Lat pull-downs (on Nautilus-era machine): 2 sets of 12 @ 60 (increase next session)

    Lat scapular stabilization (basically the first part of the lat pull-down, keeping arms straight and drawing shoulder blades together—weights move about 3 inches): 2 sets of 40 @ 40 lbs

    Bench press: 12 @ 45 (warmup + form check); 10 @ 50, 8 @ 55, 6 @ 60

    Bench press stabilization (pushing bar up as far as it will go with straight arms, bar moves just a few inches): 2 sets of 20 @ 45 lbs [probably should hunt me up a bar that weighs less for these, or just use individual dummbbells—goal is 2 sets of 40]

    Afterwards I skipped the abs—we’ll do plenty of drylands tonight—and did a quick 10-minute stretch before hopping in the pool for the following:

    1000 scy warmup (400s, 200k, 200p, 200d/s)

    Pie of IM
    8 x 25 @ :30, 2 of each stroke IM order, odds pretty, evens sprint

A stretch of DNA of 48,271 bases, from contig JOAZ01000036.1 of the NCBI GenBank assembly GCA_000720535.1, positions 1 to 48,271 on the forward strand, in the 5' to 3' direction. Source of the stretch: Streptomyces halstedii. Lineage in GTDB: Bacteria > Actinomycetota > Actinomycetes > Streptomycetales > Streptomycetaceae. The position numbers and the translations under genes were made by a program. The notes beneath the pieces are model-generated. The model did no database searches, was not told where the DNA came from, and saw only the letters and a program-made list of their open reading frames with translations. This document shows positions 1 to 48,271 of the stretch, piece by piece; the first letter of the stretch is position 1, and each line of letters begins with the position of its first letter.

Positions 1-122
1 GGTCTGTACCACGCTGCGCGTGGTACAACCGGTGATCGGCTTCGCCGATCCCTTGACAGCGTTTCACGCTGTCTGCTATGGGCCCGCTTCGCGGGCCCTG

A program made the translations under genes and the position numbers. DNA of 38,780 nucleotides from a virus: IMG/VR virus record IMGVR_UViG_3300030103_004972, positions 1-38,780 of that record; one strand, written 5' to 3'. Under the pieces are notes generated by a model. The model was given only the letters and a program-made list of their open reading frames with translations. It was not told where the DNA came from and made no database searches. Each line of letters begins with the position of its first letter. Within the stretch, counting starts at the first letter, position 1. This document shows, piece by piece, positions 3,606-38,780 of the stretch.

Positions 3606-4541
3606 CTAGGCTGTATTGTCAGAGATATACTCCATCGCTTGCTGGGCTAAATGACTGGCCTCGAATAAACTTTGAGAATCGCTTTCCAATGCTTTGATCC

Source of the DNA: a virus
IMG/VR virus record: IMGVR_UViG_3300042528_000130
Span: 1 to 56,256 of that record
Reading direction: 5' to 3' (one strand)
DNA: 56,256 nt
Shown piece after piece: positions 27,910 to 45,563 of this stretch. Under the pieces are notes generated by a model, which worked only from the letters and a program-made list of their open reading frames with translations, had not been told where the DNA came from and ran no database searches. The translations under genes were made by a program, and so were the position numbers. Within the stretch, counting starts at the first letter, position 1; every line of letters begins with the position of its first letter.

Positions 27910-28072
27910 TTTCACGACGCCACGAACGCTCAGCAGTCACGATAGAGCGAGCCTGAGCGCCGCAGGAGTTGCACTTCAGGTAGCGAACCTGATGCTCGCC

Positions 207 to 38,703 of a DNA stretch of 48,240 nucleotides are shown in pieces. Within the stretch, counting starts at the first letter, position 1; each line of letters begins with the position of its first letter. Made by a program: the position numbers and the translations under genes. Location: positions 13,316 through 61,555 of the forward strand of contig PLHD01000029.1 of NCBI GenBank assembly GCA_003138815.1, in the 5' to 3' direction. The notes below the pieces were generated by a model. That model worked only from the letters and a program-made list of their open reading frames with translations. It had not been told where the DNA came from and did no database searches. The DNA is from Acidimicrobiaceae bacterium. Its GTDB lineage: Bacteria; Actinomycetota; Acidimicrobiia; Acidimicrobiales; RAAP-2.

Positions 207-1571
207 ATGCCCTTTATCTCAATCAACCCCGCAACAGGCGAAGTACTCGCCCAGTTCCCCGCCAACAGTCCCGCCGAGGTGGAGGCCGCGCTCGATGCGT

7 x 50 kick IM pieces @ 1:00 (FL, FL/BK, BK, BK/BR, BR, BR/FR)
    6 x 75 IM pieces @ 1:25, done build/fast/easy by 25s (fl/fl/bk, fl/bk/bk, bk/bk/br, bk/br/br, br/br/fr, br/fr/fr)
    5 x 100 IM pieces @ 1:45, steady pace throughout

    200 warmdown + play

    That was it!

    My main key at diving tonight is to keep my eyes open longer and learn to visually spot my entrances. I have long had a fear of opening my eyes underwater—I think as a kid it was drilled into me that if I lost a contact while swimming I would bring financial ruin upon my family, not that I had ever been that keen on putting my face in the water anyway. (There was a reason I stuck to backstroke!) It took me several years of playing polo as an adult to discover that water could get into my eyes with absolutely no ill effects (ok, some blurriness and redness, but the contacts stayed in and my eyeballs didn’t explode). Last week, I realized that despite my coaches’ instructions about what visual cues to use to time particular movements during dives, I was shutting my eyes tight as soon as I went off the board and just relying on hope and my internal gyroscope to make things end up ok. That worked well enough until I tried doing a simple twist—rotating in two directions took away my sense of where I was in the air. So tonight—eyes wide open, until just before I enter the water!